August 2011

Jaime Schrabeck

The Nail Extension | by Jaime Schrabeck


Making Technology Work for You

The actual work of a licensed manicurist does not require any particular technological skills, but those skills are very important to the work of a salon owner.

Since I'm writing this article on my laptop, I'll admit the importance of technology for me in my business life.

If I had to write by hand, it simply would not happen. I have neither the patience nor time necessary to draft and edit an article using only pen and paper.

My responsibilities would be overwhelming if it were not for technology. There is so much to do that I can rationalize my dependence on technology as productive rather than addictive. I manage my business using a Smartphone, laptop and desktop computers, printer / fax machine, etc.

Here is what all this technology gives me the control and functionality to handle:

In my 20 years in the nail industry, technology has proven itself the best investment I have ever made in my business. Although it is not infallible, it is more reliable than most people I know, myself included.

Choosing which technology to invest in and how much time to spend using it depends on your needs. Many years ago, while still working alone, I chose to make what most manicurists in my position would consider an unnecessary and expensive purchase: salon management software.

After all, most salons at the time used large appointment books and pencils (and many erasers) to schedule clients. It's possible many salons still do, despite the obvious limitations. Even without any immediate plans to work with or employ other manicurists, the same technology that larger, more successful salons used was just as important and was affordable.

Salon management software transformed my business. Clients recognized their money was being reinvested to improve their salon experience. The efficiency of the scheduling process was the most obvious improvement. There was no more handwriting appointment cards. The software does just about everything (email appointment reminders, online scheduling, integrated credit card processing, gift card tracking, automatic remote data storage, etc.). Years later, as my business grew and the software evolved, I appreciated the technology even more.

Not every investment in technology has been worthwhile. When I designed my current salon, I had satellite radio receivers installed at each station for clients' private listening. Music played throughout the salon on an additional receiver. What a waste of money. Clients wanted to interact with us, not isolate themselves. Therefore, I canceled the service as soon as my contract expired and have been much more satisfied using Pandora on my computer. Sometimes simple is better.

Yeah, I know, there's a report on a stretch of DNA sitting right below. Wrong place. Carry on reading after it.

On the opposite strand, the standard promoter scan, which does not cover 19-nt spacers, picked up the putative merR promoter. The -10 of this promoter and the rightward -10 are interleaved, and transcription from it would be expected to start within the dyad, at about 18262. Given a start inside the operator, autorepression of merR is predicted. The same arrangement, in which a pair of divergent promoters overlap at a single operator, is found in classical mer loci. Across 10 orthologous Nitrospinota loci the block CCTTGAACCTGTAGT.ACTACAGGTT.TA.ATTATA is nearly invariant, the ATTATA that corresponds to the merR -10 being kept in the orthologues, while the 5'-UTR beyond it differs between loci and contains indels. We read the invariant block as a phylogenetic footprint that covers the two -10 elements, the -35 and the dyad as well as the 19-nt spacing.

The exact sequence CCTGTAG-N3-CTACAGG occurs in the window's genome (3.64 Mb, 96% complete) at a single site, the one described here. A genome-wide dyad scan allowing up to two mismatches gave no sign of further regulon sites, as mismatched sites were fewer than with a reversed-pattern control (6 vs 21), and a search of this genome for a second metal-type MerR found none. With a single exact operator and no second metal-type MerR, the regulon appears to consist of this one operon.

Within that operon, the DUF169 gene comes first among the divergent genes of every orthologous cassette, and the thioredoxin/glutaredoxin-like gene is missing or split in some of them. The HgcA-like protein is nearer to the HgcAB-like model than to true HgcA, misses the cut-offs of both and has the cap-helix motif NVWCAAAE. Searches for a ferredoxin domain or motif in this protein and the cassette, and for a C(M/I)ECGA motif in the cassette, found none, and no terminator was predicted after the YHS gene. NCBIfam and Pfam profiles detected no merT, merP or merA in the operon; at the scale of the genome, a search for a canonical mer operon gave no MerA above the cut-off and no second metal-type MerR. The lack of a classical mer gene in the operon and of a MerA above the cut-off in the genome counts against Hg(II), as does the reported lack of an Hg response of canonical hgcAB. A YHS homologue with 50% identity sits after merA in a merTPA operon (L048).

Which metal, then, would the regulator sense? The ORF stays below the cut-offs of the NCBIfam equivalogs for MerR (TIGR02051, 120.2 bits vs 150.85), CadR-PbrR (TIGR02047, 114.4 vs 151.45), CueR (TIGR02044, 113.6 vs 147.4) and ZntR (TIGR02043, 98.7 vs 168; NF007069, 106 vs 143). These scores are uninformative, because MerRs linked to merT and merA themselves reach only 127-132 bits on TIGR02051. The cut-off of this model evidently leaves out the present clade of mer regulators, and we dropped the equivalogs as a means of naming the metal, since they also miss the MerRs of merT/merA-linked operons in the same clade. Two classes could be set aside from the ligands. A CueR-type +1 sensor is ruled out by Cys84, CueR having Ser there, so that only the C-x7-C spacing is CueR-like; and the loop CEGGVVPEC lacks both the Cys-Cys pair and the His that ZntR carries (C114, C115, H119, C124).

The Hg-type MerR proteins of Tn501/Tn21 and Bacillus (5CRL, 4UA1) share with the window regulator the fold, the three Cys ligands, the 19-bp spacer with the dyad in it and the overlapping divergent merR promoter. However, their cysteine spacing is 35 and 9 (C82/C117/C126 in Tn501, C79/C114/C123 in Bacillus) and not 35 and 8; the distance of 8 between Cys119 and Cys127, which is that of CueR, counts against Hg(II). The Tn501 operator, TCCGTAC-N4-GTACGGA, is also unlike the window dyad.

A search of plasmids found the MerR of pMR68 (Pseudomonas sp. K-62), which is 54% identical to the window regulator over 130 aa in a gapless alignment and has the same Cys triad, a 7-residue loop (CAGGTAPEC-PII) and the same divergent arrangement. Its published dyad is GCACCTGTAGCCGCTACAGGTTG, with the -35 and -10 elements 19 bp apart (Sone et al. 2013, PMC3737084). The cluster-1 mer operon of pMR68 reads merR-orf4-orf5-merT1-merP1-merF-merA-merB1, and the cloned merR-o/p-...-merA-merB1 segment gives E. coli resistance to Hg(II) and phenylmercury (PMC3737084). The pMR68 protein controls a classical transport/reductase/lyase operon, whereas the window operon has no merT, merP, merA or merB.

A simple and often under-used technology, voice mail, has replaced a receptionist in my salon. We do not answer the salon phone while providing services because our clients deserve our full attention. However, just hearing a phone ring makes some people anxious, even when it is not theirs.

Last holiday season, I silenced the ringer to reduce disruptions. Not only did our clients seem more relaxed, we were more relaxed as well. We can discretely retrieve and respond to voice mail messages between clients. Existing clients know it is best to schedule in advance and notify us of any changes via email. However, potential clients do not know any better, so a detailed outgoing message informs callers that we do not answer the phone while providing services, and that more information about our salon and services can be found on our website.

As far as I am concerned, our website eliminates the need for any other advertising. 20 years ago, I was paying the phone company for an ad in the Yellow Pages. Every year, I was encouraged to purchase a larger one, as if it was some kind of contest. A well-designed and regularly updated website is the most cost-effective way to reach potential clients.

If you do not already have a website for your salon, do yourself a favor and have one professionally created. Like most technology, you do not need to understand how it works, just how to make it work for you.

Jaime Schrabeck, Ph.D. owns Precision Nails, an exclusive nails-only salon in Carmel, California. She can be reached at